Bad Food Habits and Why You Need to Lose Them

bad food habits
The next time you feel something and get the urge to eat it away, take a moment to think about what you’re really feeling and why. Are you bored?

If you had to describe your relationship with food, what would you write it up as? Complicated? Healthy and happy? Destructive? Whether you’re following bad food habits or have negative thoughts about food, here’s how to get out of your rut.

1. You Eat Mindlessly

You watch TV or chat on your phone while snacking without really focusing on what you’re putting in your mouth or how much of it. Does that sound like you? To understand just how mindless eating can be, consider this: a study found that when given extra-large containers of stale popcorn, people watching a movie still consumed it out of habit. Scary stuff! Start focusing more on what you eat. Choose to eat at the table instead of in front of the TV or computer, and eat your food from plates instead of diving straight into their containers. This prevents you from overeating and it improves digestion while keeping you in the moment.

2. You’ve Made Calorie Counting an Olympic Sport

Counting up those calories is a good thing to avoid weight gain, but if you’re making yourself sick over how many calories are in that slice of chocolate cake to the point where you’re scared to touch it, you are treating food like an enemy. We need to eat everything in moderation to have a balanced life. Research has shown that when you’re counting calories meticulously and limiting their consumption a lot, your body creates more cortisol. This is a stress hormone that actually makes you want to eat more, boosting your cravings for sugar and fat. This also leads to an increase of fat around your midsection. It goes to show how anything too extreme has the potential to become dangerous to your health, in more ways than one.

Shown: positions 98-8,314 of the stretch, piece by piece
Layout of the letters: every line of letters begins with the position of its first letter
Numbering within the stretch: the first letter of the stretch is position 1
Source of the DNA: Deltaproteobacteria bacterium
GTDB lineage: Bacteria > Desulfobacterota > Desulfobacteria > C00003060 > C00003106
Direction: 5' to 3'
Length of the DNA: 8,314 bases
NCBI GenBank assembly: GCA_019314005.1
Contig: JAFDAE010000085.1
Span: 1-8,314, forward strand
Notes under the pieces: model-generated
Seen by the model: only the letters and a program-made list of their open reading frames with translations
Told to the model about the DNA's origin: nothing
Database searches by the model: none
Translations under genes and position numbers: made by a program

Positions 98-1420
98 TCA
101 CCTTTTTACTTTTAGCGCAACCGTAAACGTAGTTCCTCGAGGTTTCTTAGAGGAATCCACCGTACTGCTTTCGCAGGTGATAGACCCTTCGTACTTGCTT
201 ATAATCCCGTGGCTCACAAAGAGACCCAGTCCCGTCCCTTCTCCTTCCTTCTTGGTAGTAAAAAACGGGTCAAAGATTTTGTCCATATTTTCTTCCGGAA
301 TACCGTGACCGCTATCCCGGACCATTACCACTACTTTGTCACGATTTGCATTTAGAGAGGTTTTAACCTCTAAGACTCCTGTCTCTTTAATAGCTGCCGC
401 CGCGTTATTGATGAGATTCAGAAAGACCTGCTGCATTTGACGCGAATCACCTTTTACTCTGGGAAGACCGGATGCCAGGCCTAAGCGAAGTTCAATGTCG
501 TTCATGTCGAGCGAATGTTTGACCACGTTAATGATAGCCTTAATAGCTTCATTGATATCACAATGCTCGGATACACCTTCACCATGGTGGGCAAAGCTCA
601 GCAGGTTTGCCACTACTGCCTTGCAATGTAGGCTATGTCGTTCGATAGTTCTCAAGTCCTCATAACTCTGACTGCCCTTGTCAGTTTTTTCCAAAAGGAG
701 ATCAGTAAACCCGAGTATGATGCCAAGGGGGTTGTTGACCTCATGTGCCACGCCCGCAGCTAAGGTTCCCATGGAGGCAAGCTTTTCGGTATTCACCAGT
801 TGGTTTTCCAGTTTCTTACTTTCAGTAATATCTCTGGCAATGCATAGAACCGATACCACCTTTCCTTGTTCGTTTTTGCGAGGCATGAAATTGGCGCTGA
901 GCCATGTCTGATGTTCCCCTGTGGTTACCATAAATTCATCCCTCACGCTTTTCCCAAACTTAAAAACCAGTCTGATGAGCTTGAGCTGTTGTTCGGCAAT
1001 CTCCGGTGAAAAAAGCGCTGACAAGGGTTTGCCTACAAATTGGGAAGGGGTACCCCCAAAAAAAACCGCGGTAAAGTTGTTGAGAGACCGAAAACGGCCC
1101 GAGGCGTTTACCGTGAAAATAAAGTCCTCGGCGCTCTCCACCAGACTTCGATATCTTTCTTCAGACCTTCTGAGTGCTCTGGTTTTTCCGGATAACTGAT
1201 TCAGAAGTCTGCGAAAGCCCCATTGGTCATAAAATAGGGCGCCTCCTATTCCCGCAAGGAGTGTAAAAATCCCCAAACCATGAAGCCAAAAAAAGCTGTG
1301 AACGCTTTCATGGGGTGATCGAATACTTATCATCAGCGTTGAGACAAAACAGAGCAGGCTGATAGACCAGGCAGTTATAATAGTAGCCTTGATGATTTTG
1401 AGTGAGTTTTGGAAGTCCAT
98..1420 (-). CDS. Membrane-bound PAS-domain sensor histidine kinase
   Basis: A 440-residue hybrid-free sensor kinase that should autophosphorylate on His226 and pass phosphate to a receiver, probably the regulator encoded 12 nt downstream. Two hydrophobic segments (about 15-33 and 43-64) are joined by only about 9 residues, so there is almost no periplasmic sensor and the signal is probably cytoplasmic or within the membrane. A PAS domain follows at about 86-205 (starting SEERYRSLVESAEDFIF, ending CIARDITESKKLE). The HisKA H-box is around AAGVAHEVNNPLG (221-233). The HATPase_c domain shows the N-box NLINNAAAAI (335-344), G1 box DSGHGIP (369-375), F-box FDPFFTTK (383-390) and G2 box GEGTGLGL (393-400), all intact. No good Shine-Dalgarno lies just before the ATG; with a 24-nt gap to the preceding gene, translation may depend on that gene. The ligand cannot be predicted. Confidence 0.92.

3. You Feast on Guilt

You were doing really well with your diet and then you fell into temptation and ate unhealthy foods. Now you are left with the bitter taste of guilt in your mouth. Berating yourself over bad food choices is actually capable of making you repeat the behaviour rather than if you motivate yourself from a place of kindness, such as by coming up with solutions to prevent them in future. An example would be ensuring you have a packed lunch for the next time you’re busy and want to reach for fast-food. Keep things in perspective. One ‘bad’ meal isn’t going to make you put on weight. It’s really the repetitive eating habits that leave their mark. Finally, treat yourself in the way you would your best friend. Would you give her a lecture if she confessed to eating a bit more than she should have? No way! Who says you deserve it?

4. You Eat Your Feelings

We’ve all been there: you have a bad day or fight with your boyfriend and reach for the ice cream tub. If you’re constantly eating your feelings away, though, this can be a negative food habit. Not just because it can be bad for your health, but it also prevents you from dealing with what you need to process. The next time you feel something and get the urge to eat it away, take a moment to think about what you’re really feeling and why. Are you bored? Frustrated? Anxious? You can be sure that the answer to your problem is not at the bottom of that chocolate cake so ask yourself what you need right now other than food. Maybe a walk will help you work off that anxiety or taking a nap will bust that tiredness. This starts healthier habits in future.

5. You Eat Because You Have To

Food is one of the great pleasures in life. That doesn’t mean you should be eating anything and everything in your kitchen in one go, but it does mean that you should save space to enjoy your meals. Don’t eat just for the sake of it, grabbing whatever’s available because you’re hungry. Really take time to be in the moment and enjoy every bite. Make food a pleasure by trying out creative, organic meals and snacks that are delicious and good for you. Be grateful for the food you get to eat, when so many others are starving. See food as the nourishment it is, the fuel you need to achieve greatness. By having a good relationship with food you allow yourself to be healthy and happy, inside and out.

Image credit: nenetus / Dollar Photo Club

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1 Comment

  • Great advice on our relationship with food. I used to approach food like this, thinking of it only as a necessary thing or putting myself down for eating something that was junky. Now, I love food and want to savor everything delicious and put good nutrients into my body. I strive to eat healthy, but it’s also important to me to enjoy what I’m eating and not think about it so much.

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